Lydia Dwight

Lydia Dwight Resurrected.
(V&A Museum Number 1054-1871)

She wears her shroud lightly now, Lydia Dwight,
Each fold testament to a modeller's skill,
Life-referring blooms at her feet, a skull
As memento of the grave's chilly blight;
Her figure sculpted in clay, bluish-white,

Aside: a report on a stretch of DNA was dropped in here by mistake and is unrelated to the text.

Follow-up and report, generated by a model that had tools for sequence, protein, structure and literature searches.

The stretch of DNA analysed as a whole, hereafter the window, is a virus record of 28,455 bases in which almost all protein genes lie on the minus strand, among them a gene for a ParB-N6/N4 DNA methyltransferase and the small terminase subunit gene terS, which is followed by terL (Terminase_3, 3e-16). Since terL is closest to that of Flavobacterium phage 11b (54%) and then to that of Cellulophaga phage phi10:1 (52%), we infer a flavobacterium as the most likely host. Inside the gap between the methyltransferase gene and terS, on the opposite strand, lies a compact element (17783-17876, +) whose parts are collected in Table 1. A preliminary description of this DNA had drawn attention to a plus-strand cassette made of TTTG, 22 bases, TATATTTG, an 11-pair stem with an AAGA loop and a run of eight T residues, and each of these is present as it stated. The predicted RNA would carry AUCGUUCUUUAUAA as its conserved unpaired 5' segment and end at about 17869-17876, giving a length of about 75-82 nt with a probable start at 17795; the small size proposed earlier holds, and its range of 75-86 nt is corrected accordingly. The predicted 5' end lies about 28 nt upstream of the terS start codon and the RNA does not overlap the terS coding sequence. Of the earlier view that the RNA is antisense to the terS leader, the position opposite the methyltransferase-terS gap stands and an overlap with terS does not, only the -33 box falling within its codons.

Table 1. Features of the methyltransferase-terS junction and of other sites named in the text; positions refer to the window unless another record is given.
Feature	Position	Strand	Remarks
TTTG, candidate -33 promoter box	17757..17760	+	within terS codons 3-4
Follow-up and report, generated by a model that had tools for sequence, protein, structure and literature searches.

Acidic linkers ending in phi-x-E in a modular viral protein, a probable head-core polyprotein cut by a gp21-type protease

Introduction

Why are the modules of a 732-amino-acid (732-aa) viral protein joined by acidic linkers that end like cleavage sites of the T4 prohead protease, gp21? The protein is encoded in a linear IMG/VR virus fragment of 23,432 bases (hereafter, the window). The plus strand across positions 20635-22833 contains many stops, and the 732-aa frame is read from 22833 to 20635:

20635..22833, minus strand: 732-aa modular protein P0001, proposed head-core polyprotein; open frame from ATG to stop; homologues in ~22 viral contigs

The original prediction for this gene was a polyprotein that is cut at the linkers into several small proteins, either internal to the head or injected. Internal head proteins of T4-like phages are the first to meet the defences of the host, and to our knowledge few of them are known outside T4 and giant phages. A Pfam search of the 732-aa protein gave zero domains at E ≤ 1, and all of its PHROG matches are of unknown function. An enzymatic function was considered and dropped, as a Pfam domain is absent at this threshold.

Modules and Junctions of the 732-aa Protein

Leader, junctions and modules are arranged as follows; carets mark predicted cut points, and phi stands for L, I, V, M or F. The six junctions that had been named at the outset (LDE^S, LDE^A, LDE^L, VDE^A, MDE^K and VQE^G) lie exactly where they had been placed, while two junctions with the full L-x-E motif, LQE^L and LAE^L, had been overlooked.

Worthy of any fine Renaissance school,
All-luminous, but still with death bed scowl,
A risen child, salt-glazed she plays with light.
How else would England’s first master potter
Give material expression to his grief
Save through the medium of stoneware clay?
What more fitting, more elegiac, way
Of reaffirming his hope and his belief
In life eternal for his dear, dead daughter?

Philip Howard

If you have any comments on this poem,  Philip Howard would be pleased to hear them.